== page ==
The Making of a Flying Ointment
The creation of flying ointments is quite the process for me. To share a bit of the magic and practical side of it I will be taking you through the crafting of the Sabbat Flying Ointment from start to finish. “Sabbat: is one of the most intense flying ointments I make and, though I don’t usually recommend it for beginners, it is one of my most popular ointments due to it being such a classic traditional recipe — inspired by the recipes recorded by Giambattista della Porta, Heinrich Cornelius Agrippa, and Honorius.
First I head to the farm market up the street to buy bulk pig fat from the butcher. When I get home I carefully slice away any remaining traces of meat and then cut it into small cubes with my very sharp hand forged ritual knife. The smaller the fat is cut up, the faster and more evenly it renders. I hone my knife before and after each use, wash it right way when I’m finished butchering, and oil the blade now and then to always keep it sharp and in its best condition.
I put the fat on the stove starting on medium heat to get it going for about 10-15 min and then reduce it to a low heat so it doesn’t burn. I use the dry rendering method as I tend to get the same quality as the wet method. How long it takes depends on the quantity of fat you’re rendering. A big batch takes about 2-4 hours. I can tell it’s ready when the fat is a clear yellow-gold liquid and the little cubes of fat have been reduced to crispy gold cracklins. At this point I strain the fat through a sieve into a sterile stainless steel bowl and then strain again through a much finer sieve into sterilized canning jars.
You can sprinkle the cracklins with salt and bake them until extra crispy as a naughty snack, but my stomach can’t handle the grease, so I usually feed them to the crows who gobble them up like crack candy.
Once the fat cools, it becomes solid and creamy white. It now has a shelf life of about two years if stored properly in a cool, dark place. I store my rendered fats in the fridge when I’m not using them to make ointments in order to prolong their shelf life. There are currently the rendered fats of bear, duck, pig in my fridge (rendered fat also makes an excellent base for homemade soap).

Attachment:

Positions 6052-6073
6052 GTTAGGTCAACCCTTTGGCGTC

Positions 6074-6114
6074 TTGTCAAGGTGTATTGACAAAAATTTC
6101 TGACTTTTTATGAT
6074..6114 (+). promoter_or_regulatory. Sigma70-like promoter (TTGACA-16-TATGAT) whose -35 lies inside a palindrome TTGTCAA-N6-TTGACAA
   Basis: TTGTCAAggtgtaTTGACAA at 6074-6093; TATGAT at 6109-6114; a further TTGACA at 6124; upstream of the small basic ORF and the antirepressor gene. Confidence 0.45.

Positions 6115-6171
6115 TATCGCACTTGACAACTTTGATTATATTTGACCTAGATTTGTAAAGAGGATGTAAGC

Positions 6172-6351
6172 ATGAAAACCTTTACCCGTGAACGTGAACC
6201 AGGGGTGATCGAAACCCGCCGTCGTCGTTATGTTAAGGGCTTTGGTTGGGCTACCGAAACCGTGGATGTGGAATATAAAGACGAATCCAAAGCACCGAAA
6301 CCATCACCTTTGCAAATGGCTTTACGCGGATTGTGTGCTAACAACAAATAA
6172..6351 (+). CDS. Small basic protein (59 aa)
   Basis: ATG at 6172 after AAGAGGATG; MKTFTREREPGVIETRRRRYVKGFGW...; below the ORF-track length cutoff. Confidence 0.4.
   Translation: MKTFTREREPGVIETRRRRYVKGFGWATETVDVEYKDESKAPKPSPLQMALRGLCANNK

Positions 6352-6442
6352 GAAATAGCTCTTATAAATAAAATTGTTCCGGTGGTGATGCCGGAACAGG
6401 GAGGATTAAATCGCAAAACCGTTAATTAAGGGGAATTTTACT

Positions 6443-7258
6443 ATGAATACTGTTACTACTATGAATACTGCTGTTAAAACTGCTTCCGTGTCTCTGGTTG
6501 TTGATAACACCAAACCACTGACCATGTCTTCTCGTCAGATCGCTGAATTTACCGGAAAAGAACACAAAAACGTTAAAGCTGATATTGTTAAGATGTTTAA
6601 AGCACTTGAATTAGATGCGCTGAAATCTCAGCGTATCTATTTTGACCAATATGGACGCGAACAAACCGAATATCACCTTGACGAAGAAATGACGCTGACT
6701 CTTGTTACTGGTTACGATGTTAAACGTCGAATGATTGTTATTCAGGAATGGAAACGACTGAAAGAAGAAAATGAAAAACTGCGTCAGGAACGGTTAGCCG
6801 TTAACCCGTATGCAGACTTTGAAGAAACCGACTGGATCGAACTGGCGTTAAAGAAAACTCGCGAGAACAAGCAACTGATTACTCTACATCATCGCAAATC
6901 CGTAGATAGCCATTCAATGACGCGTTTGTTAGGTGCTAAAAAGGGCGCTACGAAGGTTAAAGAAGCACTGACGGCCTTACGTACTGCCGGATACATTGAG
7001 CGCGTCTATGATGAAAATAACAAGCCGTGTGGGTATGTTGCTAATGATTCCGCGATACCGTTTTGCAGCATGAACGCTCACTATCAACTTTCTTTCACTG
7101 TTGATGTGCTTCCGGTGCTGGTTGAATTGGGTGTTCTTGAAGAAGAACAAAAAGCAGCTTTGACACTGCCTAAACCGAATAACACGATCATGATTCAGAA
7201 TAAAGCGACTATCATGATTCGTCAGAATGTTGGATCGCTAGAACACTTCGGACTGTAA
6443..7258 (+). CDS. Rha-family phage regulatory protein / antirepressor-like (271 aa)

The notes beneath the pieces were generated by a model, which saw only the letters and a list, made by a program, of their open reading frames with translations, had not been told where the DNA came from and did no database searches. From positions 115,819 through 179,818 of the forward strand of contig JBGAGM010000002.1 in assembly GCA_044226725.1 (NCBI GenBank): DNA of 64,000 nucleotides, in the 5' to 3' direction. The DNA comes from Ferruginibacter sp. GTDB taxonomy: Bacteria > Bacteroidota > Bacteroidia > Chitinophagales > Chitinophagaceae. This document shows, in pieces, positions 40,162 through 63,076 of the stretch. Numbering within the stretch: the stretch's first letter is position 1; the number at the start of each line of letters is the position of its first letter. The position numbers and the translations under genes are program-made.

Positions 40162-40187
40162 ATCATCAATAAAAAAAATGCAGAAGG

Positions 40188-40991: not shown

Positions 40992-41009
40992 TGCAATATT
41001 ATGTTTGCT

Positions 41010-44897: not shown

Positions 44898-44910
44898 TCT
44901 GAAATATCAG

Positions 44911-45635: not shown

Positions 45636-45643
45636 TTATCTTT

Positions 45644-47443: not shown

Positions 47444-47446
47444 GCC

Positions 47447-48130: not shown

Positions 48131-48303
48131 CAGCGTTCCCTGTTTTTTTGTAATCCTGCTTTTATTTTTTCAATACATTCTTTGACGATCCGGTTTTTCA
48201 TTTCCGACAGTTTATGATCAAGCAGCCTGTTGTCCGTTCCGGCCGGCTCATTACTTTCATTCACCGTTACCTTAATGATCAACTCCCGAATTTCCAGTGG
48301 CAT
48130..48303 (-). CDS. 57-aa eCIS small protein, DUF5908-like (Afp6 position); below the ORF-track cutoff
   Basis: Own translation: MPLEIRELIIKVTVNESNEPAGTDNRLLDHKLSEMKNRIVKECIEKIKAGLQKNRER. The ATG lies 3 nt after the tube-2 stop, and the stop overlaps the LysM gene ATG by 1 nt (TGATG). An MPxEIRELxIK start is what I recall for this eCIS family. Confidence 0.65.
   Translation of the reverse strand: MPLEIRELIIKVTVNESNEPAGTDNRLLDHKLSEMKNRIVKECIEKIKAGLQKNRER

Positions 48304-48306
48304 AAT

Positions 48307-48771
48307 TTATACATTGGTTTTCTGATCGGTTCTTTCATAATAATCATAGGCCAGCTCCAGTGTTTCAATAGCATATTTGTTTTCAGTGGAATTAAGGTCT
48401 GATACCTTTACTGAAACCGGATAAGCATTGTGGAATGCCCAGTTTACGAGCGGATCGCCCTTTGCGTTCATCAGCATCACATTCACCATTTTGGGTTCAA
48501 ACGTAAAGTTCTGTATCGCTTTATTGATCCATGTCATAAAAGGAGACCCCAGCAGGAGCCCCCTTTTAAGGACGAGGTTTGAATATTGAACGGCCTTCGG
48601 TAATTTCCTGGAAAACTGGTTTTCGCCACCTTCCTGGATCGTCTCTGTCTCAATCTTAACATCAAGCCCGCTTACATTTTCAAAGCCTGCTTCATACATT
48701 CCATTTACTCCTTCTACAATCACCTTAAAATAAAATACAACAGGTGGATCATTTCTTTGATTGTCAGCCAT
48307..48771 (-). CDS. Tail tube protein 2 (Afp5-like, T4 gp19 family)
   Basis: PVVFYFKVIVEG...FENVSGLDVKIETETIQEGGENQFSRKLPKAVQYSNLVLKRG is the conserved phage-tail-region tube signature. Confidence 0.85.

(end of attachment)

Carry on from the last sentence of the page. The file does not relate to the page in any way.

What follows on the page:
As an added bonus, I’ve learned in my years of rendering fats that the scent attracts men better than any perfume or lingerie – especially duck and bacon fats. They swoon!
Once the fat is ready and the quantity measured out, it’s time to add the herbs. I carefully weigh the portions of belladonna, datura, henbane, and mandrake root on my scale, grind them, and add them to the canning jar of fat. I also add some home made balm of gilead oil as a natural preservative and for it’s magical associations with astral travel and flying. There are many different methods for herbal infusions; I tend to use two: the oven method and the double boiler method. I use the oven method for large quantities of flying ointments and the double boiler for when I’m just making one batch of ointment. The jars of oils and herbs are placed in the oven at 120°F for about 5-8 hours, stirring them every 30 min if I can.
Afterward, I strain out the herbs, pour the infusion into a new clean canning jar, measure the quantity of liquid again (the herbs absorb some of the fat reducing the amount), and weigh out the shaved beeswax accordingly (1 cup of liquid per 1 ounce of beeswax). Then it goes back into the oven at 200°F to melt the beeswax for 1-2 hours. When the wax is completely melted, the infusion appears clear. I then heat up my big glass measuring cup in the oven, lay out clean ointment tins on my workbench, and then proceed to pour the flying ointment into the tins. Then I allow them to cool for a few hours before adding the lids and labelling them. I will usually consecrate the jars to their purpose while they are cooling and all in one place by whispering a blessing over them while burning incense in offering to the plants and pig used to craft it.
And that’s how an animal fat-based flying ointment is made. The whole process takes about three days from start to finish.